PET vs. CT in Lung Cancer Surveillance: The ‘Pro’ Side from the Nuclear Medicine Perspective

PET vs. CT in Lung Cancer Surveillance: The ‘Pro’ Side from the Nuclear Medicine Perspective

Radiation Oncology
Feb 27, 2021
Asha Kandathil, MD
PET vs. CT in Lung Cancer Surveillance: The ‘Pro’ Side from the Nuclear Medicine Perspective graphic

A significant proportion of patients with stage I to III NSCLC or SCLC will have locoregional or distant metastases following curative-intent therapy. Studies have reported local recurrence rates of 22% to 50%, distant recurrence rates of 48% to 78%, and simultaneous local and distant recurrence rates of 3% to 20%.1 Sites of distant recurrence include brain, bone, contralateral lung, liver, adrenal gland, and distant nodes. The American Society of Clinical Oncology recommends surveillance chest CT scans every 6 months for the first 2 years to detect recurrence and then annual surveillance CT to detect new primary lung cancers.2

18F FDG PET/CT, which combines functional and anatomic imaging, has several advantages. It may detect increased glucose metabolism at sites of tumor recurrence before there are anatomic changes on CT. The increased field of image acquisition from the skull base to mid-thighs in PET/CT scans allows detection of distant metastases not identified by chest CT.3 In addition, Post-treatment 18F FDG PET/CT has prognostic value, with improved survival noted in patients with negative results.4 In addition, location of imaging abnormalities on PET/CT helps identify appropriate biopsy sites.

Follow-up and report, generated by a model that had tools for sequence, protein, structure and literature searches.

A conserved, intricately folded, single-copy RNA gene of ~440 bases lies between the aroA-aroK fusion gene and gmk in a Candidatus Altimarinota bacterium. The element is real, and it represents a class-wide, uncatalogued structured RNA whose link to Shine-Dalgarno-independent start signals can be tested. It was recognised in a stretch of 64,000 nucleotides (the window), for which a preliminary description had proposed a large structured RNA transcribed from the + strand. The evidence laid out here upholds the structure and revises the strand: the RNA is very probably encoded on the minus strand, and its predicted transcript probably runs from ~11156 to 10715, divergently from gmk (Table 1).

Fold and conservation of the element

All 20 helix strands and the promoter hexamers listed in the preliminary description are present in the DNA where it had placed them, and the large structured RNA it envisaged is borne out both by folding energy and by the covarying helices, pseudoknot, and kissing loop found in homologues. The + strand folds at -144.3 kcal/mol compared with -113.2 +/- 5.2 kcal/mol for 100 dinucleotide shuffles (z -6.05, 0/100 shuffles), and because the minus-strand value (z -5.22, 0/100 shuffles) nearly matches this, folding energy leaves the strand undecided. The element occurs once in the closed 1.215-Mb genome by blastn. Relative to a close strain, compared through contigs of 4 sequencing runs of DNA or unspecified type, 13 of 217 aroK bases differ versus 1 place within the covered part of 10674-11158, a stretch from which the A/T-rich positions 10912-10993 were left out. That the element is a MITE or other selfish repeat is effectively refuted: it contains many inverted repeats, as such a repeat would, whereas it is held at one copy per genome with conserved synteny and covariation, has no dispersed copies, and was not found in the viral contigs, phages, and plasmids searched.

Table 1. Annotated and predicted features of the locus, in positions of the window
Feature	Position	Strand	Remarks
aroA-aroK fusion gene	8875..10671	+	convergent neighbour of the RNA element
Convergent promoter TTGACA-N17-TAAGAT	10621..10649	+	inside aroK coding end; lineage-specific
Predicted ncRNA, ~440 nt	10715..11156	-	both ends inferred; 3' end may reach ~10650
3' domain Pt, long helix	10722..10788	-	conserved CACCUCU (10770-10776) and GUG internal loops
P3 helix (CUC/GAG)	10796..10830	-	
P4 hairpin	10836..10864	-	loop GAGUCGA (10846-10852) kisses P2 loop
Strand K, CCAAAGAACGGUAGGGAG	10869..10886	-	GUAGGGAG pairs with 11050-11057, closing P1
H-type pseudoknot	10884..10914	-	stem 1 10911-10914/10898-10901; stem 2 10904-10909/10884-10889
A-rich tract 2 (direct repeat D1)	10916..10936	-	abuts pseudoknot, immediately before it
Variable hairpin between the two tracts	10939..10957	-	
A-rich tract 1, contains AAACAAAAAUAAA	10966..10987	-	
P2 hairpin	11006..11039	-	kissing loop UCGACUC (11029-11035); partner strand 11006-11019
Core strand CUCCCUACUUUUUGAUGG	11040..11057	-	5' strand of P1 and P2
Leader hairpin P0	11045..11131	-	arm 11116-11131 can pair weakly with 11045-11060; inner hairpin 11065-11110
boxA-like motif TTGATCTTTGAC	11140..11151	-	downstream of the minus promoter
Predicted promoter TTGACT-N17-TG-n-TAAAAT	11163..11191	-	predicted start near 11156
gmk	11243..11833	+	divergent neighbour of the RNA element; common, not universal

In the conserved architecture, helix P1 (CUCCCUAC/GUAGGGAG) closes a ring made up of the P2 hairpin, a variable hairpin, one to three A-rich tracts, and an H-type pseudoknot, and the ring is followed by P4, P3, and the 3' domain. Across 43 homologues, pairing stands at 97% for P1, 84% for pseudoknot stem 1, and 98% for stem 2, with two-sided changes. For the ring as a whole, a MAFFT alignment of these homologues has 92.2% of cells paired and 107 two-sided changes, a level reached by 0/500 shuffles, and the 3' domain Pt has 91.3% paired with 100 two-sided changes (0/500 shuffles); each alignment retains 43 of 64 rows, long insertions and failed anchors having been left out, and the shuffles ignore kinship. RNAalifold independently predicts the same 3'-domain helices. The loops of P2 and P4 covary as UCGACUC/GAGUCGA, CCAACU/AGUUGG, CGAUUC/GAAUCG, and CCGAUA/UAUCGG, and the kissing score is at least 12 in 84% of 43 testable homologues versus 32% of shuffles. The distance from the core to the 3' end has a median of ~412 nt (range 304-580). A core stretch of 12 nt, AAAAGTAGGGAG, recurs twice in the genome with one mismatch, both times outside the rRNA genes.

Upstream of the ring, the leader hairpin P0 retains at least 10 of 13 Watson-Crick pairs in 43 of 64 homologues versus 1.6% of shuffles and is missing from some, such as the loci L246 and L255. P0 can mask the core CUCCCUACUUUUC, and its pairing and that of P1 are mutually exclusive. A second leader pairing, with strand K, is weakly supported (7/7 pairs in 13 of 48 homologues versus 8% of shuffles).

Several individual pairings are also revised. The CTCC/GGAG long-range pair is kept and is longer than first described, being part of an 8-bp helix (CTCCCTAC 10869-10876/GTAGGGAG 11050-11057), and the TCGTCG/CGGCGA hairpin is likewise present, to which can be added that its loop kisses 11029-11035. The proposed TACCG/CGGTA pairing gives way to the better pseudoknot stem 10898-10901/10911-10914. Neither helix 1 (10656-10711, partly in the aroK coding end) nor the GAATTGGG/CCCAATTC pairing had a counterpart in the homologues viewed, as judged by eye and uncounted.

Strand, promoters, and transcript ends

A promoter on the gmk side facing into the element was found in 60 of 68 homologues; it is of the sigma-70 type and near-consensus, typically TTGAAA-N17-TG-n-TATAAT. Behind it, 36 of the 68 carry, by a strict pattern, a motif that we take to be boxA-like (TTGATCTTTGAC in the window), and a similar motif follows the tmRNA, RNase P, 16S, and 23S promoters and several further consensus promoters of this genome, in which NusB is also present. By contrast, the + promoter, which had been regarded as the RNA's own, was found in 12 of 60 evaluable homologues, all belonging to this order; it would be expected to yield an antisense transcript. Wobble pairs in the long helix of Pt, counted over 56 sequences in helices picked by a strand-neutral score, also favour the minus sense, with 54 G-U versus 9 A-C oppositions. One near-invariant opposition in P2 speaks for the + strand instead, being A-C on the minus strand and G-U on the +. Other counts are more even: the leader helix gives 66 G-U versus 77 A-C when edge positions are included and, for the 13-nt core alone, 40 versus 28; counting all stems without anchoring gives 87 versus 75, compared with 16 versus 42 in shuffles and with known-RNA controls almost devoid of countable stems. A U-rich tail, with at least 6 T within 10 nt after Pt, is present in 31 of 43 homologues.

Toba et al.5 found that 18F FDG PET/CT has a 97.9% sensitivity, 97.1% specificity, 92.0% positive predictive value, 99.3% negative predictive value, and 97.3% accuracy in the detection of locoregional and distant metastases in asymptomatic patients with lung cancer recurrence. 18F FDG PET/CT has a higher detection rate of postoperative recurrence than chest CT scan.6 When performed 3 to 6 months after completion of radiotherapy, FDG uptake in recurrent tumors is focal and intense as compared to milder diffuse uptake in post-radiation inflammatory changes. Imaging with 18F FDG PET/CT is recommended by National Comprehensive Cancer Network guidelines to differentiate tumor recurrence from benign post-treatment changes detected on surveillance chest CT scan.7 Increased FDG uptake in normal-sized nodes and bone marrow can identify occult tumors before anatomic changes on CT.8,9 High FDG uptake by normal brain parenchyma, however, will obscure cerebral metastases, limiting the use of 18F FDG PET/CT in the detection of brain metastases.